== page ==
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Teachers Threaten Picketing Over Unpaid Salary Arrears

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A group of teachers who say the government has not paid them up to 5 months’ salary arrears, have threatened to picket at the Education Ministry to demand immediate payment.

They have issued a 14-day ultimatum, before which they expect the government to pay them all the arrears.

The aggrieved teachers said all previous efforts to impress upon the government to pay them their arrears have proven futile hence their decision to stage the protest after the 2-week ultimatum.

The leader of the group, David Kwaku Xefu, in a Citi Newsinterview said they expect the government to immediately initiate payment within the given grace period.

“When they started paying us, they left some months behind, so that is why it has become arrears. We are talking of between 4 and 6 months. 2016 September, October, November and December. Some people are even owed salaries for January, February and March 2017. We are looking for our salary arrears which is due us. They should give it to us. We are giving them 14 days, after that, we are going to picket.”

Meanwhile, the Ministry of Education has denied receipt of any correspondence from the group concerning the situation, but acknowledged that there were some salary arrears it is currently paying to teachers.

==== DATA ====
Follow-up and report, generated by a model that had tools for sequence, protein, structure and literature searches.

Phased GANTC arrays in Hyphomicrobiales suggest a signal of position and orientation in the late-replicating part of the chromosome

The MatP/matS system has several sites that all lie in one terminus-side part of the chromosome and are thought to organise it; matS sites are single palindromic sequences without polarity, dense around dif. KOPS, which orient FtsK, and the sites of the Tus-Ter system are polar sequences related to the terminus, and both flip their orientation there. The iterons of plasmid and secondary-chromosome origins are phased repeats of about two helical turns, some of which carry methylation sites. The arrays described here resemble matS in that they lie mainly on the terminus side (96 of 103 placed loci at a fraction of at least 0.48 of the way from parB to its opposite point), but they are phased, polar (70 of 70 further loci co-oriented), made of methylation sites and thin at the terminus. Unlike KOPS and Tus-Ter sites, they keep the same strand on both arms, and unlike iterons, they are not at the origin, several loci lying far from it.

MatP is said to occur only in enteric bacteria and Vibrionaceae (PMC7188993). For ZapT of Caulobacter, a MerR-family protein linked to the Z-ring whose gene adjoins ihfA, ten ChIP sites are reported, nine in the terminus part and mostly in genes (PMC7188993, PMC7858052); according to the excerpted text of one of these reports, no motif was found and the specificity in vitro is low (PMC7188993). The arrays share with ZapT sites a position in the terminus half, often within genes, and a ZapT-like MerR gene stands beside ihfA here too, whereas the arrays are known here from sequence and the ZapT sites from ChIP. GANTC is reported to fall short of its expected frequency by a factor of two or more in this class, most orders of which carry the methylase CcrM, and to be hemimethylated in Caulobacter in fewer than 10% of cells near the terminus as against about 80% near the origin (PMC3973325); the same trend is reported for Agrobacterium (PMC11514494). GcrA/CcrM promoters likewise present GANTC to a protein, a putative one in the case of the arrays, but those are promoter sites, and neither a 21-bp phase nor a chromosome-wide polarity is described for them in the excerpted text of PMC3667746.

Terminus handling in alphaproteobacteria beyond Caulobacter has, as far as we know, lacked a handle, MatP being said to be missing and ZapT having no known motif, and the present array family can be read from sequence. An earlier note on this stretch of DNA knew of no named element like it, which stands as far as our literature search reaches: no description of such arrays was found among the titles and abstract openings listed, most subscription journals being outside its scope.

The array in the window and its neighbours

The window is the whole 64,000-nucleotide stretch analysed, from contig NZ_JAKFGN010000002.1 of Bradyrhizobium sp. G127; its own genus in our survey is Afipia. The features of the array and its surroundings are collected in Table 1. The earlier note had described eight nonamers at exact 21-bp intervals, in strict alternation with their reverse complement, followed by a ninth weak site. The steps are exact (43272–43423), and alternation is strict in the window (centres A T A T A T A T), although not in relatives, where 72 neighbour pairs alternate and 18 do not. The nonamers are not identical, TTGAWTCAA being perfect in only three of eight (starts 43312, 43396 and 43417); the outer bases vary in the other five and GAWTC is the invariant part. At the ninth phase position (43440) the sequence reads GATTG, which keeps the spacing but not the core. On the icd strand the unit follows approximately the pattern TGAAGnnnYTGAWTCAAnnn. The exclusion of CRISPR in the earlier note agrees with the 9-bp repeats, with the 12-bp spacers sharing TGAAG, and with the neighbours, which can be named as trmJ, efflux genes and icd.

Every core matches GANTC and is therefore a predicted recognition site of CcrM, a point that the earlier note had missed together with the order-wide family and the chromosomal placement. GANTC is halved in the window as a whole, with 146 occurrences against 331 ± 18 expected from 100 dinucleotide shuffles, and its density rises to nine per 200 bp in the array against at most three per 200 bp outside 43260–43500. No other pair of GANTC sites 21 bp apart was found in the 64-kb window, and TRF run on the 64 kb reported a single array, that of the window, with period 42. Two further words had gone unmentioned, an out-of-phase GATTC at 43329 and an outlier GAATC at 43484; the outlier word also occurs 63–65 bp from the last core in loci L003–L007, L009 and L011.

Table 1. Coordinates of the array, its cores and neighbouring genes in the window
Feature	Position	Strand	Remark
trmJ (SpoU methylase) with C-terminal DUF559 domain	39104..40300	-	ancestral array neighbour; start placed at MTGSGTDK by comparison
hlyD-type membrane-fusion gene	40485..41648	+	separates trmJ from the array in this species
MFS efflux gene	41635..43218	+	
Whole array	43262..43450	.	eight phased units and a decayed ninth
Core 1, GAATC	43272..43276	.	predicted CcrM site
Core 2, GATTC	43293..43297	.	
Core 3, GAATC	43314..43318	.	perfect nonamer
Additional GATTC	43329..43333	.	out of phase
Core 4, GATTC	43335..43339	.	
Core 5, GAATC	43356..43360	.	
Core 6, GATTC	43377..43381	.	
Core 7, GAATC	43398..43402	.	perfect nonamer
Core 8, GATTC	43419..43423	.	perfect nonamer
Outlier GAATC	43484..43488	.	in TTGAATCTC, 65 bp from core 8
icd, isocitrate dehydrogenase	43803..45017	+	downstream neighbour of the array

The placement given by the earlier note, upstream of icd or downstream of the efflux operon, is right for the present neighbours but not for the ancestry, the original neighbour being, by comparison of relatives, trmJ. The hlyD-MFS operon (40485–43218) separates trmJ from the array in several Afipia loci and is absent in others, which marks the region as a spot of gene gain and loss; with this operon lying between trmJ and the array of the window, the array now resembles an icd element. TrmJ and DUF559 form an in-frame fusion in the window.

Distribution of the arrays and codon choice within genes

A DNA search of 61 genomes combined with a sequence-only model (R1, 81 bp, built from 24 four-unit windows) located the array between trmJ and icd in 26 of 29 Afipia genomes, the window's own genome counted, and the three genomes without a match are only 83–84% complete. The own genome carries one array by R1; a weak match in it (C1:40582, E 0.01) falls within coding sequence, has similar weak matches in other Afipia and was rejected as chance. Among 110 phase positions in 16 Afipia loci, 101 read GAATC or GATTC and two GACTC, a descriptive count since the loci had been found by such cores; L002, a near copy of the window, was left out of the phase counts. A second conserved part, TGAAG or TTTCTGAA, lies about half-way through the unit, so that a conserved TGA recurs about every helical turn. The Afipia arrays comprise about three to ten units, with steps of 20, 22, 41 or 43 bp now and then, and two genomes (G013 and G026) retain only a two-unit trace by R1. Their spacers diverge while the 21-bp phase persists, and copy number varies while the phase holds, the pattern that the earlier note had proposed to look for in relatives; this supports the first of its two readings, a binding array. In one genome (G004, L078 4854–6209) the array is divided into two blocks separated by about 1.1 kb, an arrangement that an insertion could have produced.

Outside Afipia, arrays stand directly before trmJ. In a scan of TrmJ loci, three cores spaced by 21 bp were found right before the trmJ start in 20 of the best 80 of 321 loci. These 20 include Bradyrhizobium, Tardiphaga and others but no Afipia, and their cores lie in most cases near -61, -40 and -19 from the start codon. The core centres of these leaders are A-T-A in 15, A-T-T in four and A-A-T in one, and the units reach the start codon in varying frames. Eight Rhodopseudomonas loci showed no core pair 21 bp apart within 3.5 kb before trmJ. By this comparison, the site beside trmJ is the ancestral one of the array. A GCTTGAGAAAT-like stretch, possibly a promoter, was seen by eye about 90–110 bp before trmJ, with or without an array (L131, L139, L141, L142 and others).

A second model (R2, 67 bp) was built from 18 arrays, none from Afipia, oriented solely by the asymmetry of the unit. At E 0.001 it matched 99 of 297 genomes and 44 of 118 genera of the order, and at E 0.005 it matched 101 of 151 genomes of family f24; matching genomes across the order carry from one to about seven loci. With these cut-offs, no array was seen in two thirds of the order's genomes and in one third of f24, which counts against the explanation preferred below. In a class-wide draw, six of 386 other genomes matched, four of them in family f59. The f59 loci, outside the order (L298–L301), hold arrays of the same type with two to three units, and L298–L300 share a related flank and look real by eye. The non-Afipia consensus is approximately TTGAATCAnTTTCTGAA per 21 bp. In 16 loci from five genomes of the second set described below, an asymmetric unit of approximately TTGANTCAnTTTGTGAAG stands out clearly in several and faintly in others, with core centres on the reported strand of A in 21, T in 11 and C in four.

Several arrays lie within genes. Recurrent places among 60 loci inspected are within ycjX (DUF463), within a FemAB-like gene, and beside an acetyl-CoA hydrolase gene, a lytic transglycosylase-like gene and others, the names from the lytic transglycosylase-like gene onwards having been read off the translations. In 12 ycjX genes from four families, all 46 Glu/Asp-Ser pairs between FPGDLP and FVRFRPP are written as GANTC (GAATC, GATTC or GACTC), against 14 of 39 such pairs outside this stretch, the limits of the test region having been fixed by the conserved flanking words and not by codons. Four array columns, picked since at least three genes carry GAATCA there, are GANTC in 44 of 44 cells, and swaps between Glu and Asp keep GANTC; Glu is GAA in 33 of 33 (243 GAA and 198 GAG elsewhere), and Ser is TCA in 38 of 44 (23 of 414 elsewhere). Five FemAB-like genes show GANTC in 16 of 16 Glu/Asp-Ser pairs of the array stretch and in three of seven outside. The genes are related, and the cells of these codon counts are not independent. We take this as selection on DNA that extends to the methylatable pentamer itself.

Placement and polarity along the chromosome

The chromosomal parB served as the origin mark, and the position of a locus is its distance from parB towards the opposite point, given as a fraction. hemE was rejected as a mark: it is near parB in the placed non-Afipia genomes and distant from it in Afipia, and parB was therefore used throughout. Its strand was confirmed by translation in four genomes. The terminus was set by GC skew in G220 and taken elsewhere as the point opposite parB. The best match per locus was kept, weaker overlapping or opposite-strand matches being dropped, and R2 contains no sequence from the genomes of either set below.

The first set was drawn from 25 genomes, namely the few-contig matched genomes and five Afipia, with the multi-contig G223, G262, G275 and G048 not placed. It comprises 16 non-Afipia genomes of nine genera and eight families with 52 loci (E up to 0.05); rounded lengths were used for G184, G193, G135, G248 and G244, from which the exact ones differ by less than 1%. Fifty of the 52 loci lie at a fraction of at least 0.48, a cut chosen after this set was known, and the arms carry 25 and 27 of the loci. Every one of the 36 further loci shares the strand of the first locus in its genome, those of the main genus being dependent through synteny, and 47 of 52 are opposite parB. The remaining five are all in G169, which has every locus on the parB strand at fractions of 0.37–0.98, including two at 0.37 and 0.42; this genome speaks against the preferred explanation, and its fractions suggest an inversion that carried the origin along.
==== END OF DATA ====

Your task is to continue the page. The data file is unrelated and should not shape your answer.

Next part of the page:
The Ministry has urged the teachers to remain calm and be patient as it continues with the process to pay them all arrears.

The Public Relations Officer for the Ministry of Education, Emmanuel Acheampong said;

“For now, all those we owe arrears, which we call transfer arrears and allowances, are being addressed, so I’m wondering why rather at this time they are being addressed, they [the teachers] will come out. They need to get a little patience, and not this industrial action that they are threatening.

This is not the first time a teacher-group has threatened a protest over salary arrears.

Earlier this year, the National Association of Graduate Teachers (NAGRAT) went on strike over the non-payment of their salary arrears.

They however called it off after government commenced processes to pay up all arrears.

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